by Paul McKenzie
On 3 Sep. 2020, following the advice and directions from CAS member John Besser, I went to Wild Haven Nature Area to look for birds and butterflies. It was a very pleasant morning when I arrived at 9:30 and mostly quiet except for the calls of a few local permanent resident bird species. I was able to spot two spot mixed-species flocks of birds: One had a basic plumaged adult male Golden-winged Warbler (GWWA) and a Red-eyed Vireo. I was lucky enough to get a photo of the GWWA but not the vireo. Later I found another small flock with a basic plumaged female
Chestnut-sided Warbler (CSWA) and a Yellow-bellied Flycatcher (YBFL). I was able to get a photo of the CSWA but not the flycatcher despite getting good enough looks to identify to species. As typical for the species, YBFL are almost always observed high up in a shaded understory and just below the tree canopy so getting a good photo of one in the fall has been an exceptional challenge for me. Later, I found a juvenile Cedar Waxwing following two adults so I was confident that the species bred somewhere on the preserve.
Just as interesting to me were the butterflies. I did see very common species such as Eastern-tailed Blue, Red-spotted Purple, Common Buckeye, Spicebush Swallowtail, and Pear Crescent. The highlight for me, however, was observing and photographing (much less challenging than photographing birds!) two of my favorite butterflies: Northern Pearly-eye and Gemmed Satyr. The Pearly-eye is a gorgeous, common species observed late summer and early fall and almost always in dappled sunlight in shaded woods. Once they flush, they fly off in a rather jerky, skippy movement but soon settle down where it is usually east to get a photograph. They get their name from the spots on the underside of their wings that makes it look like 10-12 eyes are looking at you! Unlike many butterflies that obtain nectar from flowers, the favorite foods of the adults are oozing tree sap, rotting fruit, carrion, and dung.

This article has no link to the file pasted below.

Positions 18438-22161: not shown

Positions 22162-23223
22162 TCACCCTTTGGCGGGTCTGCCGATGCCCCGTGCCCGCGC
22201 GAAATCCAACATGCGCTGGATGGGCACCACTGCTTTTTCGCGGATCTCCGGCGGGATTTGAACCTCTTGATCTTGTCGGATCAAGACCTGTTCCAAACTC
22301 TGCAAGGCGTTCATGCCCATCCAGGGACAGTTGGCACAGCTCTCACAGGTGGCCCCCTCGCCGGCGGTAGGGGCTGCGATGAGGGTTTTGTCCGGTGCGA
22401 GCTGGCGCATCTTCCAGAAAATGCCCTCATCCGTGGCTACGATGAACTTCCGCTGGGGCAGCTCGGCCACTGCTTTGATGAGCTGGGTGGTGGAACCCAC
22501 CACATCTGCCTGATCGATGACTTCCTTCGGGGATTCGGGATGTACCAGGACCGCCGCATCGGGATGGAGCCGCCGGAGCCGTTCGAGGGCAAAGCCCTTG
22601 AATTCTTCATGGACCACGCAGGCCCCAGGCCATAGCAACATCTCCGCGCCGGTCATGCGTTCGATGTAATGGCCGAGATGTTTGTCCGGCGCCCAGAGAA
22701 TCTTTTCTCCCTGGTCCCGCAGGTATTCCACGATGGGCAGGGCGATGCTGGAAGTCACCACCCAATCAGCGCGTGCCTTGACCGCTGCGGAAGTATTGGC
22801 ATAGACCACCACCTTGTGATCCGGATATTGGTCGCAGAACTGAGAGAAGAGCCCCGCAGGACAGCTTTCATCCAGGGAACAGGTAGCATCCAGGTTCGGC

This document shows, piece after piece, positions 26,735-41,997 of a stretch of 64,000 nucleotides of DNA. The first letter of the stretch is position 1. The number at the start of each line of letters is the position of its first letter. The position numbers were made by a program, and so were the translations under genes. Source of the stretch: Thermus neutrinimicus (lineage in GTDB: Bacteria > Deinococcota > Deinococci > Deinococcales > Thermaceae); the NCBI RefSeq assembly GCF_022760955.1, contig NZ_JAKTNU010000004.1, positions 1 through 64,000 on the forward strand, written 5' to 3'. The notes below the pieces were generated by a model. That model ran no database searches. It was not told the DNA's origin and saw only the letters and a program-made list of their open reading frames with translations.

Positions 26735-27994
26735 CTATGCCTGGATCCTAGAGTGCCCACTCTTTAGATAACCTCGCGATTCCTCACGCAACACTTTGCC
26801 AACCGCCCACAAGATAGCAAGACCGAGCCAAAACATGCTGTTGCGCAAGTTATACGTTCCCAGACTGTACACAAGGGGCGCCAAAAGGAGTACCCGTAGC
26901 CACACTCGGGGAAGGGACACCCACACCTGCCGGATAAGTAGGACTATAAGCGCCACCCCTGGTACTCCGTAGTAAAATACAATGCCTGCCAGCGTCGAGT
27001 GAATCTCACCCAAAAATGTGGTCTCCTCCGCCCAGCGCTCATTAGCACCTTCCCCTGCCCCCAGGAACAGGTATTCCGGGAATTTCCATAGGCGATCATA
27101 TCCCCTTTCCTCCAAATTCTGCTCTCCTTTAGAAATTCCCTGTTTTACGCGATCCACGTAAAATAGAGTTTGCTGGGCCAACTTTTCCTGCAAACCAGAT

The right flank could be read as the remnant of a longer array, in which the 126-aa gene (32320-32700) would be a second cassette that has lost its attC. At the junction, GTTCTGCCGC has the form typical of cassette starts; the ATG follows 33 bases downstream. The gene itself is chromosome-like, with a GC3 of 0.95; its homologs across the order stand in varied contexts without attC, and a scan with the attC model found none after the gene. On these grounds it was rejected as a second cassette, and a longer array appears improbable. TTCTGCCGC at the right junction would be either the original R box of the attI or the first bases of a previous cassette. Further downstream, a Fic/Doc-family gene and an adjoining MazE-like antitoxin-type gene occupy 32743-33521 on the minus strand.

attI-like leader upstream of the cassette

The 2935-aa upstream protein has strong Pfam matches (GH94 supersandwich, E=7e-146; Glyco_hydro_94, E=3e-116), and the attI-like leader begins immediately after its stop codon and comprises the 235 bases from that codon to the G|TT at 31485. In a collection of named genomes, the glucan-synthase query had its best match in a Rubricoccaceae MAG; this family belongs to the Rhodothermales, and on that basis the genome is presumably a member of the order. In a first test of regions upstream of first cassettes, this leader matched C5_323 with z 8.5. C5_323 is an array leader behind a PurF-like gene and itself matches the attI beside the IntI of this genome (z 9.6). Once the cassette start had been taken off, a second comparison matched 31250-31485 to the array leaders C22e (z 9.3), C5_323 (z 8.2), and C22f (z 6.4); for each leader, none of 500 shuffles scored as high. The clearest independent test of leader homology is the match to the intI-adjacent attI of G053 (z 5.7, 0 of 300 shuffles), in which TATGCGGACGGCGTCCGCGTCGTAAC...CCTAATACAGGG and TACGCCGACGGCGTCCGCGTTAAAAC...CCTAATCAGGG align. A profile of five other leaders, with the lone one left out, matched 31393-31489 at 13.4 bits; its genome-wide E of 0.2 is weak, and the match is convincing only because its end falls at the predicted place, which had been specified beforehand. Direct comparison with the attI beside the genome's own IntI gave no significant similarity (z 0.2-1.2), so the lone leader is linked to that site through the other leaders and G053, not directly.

The most interesting find was most definitely the Gemmed Satyr. This gorgeous, medium-sized butterfly occupies the same habitat as the Northern Pearly-eye but it is noticeably smaller and takes much shorter, fluid flights once flushed. This is a species that continues to expand its range north, possibly due to climate change. The species is now found in a line from St. Louis to Kansas City. In now occurs in the Columbia area and Wild Haven is the 3rd spot I have photographed the species in Boone County (the other two being Rockbridge State Park and a private residence SSE of Deer Park). This species gets its name from the ovoid, purplish gray and cream-colored patch that contains two small, metallic blue and silver spots- these little “gems” are iridescent in sunlight. Its food sources are identical to those of the Northern Pearly-eye.
So when birding is slow, spend a little time glassing the butterflies that flutter past your position. It is a world that once you enter, it is hard to leave!